Now shipping.

Price: $39.99

Corsair Announces 16 GB High Performance USB 2.0 Flash Drive

Flash Voyager USB drivePR: Corsair has announced a new 16 GB high performance "GT" Flash Voyager USB 2.0 drive. The new Corsair 16 GB GT Flash Voyager USB drive will be debuted at the CeBIT 2008 Show next week in Hanover, Germany on Corsair's stand (Booth 40 in Hall 21).

The new Flash Voyager GT USB drive provides data transfer rates that are up to 4X faster than standard USB 2.0 drives. Whether transporting office files, pictures or even full-length movies, you can "store-n-go" faster with the Corsair GT USB line. The drive has been optimized to take full advantage of its advanced flash controller technology as well as the screened and hand-selected NAND flash chips.

"People expect Corsair to deliver the highest performing products," said Jack Peterson, VP of Corporate Marketing at Corsair. "That's why our latest Flash Voyager GT offers both higher speeds and higher capacities than standard USB drives, making them ideal for discerning customers."

Performance data shows:


  • 20 office files (1.06 MB)
  • 60 pictures (279 MB)
  • One movie (1.63 GB)

Corsair 16 GB GT USB Drive Features:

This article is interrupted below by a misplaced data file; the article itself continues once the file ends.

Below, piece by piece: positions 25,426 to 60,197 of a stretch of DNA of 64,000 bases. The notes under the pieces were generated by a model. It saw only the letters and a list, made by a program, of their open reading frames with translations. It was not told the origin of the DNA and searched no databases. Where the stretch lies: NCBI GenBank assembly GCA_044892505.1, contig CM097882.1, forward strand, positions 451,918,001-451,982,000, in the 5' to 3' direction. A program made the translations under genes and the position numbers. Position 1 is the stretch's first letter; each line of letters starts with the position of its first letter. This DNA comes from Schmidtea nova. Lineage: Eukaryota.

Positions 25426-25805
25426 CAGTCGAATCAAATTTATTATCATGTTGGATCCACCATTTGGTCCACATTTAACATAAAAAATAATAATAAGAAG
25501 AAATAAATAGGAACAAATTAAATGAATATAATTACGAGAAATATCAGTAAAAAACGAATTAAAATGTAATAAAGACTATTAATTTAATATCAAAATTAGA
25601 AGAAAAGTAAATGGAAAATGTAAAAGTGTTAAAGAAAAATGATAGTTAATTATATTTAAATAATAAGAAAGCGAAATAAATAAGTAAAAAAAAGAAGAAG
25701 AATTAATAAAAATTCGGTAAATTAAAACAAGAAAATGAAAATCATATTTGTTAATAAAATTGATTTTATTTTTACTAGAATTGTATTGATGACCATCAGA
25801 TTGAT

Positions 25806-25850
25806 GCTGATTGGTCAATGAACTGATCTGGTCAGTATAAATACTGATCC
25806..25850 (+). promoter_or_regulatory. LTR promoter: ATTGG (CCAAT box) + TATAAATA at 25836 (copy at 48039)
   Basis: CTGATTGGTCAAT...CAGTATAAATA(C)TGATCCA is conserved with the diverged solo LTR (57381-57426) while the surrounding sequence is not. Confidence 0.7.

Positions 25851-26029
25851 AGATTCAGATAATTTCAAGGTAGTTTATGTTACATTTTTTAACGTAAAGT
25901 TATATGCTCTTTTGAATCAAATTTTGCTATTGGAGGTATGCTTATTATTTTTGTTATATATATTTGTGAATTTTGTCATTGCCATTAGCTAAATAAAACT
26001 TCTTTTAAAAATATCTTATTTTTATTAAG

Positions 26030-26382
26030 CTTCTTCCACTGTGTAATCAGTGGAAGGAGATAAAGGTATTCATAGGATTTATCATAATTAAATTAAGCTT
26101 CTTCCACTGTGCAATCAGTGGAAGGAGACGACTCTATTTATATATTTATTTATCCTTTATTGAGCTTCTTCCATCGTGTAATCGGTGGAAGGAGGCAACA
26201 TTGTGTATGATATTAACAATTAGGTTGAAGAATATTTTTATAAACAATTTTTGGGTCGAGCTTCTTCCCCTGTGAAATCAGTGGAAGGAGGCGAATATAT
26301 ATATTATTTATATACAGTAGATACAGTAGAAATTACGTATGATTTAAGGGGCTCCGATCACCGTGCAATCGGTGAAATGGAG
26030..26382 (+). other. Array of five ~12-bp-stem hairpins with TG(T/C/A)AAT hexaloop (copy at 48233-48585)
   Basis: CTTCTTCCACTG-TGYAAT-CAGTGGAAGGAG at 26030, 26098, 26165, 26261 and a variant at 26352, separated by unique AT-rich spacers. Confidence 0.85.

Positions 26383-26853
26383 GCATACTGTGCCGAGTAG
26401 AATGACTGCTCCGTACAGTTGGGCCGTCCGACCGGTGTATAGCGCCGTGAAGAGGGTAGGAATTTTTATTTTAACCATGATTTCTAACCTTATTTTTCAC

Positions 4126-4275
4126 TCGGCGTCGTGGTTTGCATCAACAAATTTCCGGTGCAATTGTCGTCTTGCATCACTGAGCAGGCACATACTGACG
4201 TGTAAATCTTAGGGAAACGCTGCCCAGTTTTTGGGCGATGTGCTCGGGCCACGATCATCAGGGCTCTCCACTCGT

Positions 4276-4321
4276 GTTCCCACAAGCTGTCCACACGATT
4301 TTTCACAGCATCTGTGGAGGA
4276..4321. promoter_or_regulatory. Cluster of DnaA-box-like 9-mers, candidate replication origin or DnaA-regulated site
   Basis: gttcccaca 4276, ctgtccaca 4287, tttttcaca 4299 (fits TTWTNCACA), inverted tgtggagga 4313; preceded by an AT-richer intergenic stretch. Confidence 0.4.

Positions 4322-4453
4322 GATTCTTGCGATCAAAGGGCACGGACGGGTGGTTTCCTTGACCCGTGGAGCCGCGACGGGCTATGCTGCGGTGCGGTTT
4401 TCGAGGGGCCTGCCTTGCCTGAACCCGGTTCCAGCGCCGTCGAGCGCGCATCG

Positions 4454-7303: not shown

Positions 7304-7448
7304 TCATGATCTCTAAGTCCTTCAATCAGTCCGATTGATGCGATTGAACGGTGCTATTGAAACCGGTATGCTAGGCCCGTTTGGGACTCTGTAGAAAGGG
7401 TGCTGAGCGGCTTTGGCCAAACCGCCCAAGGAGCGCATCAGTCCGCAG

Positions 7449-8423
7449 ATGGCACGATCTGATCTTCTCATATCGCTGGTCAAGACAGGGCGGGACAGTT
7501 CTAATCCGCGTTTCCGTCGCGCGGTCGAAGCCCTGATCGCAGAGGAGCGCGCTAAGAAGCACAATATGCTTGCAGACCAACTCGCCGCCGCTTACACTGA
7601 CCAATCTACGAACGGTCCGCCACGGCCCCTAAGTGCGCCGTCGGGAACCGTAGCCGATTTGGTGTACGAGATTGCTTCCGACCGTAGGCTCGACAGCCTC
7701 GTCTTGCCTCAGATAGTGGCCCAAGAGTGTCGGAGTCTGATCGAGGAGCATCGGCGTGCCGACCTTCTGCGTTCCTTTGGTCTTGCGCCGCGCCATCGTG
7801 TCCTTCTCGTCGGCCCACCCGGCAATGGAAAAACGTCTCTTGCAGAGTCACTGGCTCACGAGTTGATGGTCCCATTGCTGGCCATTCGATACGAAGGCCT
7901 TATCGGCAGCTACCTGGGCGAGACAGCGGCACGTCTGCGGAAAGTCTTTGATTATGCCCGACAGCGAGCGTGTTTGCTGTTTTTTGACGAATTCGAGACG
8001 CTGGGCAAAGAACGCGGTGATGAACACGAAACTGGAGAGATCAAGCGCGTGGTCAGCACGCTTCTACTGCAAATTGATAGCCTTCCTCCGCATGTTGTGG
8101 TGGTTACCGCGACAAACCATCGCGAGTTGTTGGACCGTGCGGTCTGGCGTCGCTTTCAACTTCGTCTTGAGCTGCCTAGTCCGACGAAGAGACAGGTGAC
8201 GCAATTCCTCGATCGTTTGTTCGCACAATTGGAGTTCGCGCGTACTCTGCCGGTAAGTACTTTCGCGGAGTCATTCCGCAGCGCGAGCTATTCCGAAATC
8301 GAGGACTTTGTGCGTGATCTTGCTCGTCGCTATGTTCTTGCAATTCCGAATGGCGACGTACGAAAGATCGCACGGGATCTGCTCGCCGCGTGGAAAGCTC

• Maximum durability - proprietary all-rubber housing
  • Drive integrity - water resistant and shock resistant
  • Data security - TrueCrypt encryption software offering AES 256-bit encryption
  • User warranty - 10 years with on-demand customer support

The new 16 GB Flash Voyager GT utilizes Corsair's proprietary water and shock resistant all-rubber casing, meaning that users with busy and active lifestyles can be confident that their data is secure and protected from damage.

Corsair's 16 GB Flash Voyager GT USB drive is available through Corsair's authorized distributors and resellers worldwide. The drive is bundled with a lanyard, security software preloaded, and a USB extension cable. Corsair flash products are backed by a 10-year Limited Warranty. Complete customer support via telephone, email, forum and TS Xpress is also available. For more information on Corsair USB drives, visit :

Corsair 16 GB GT USB drives are immediately available: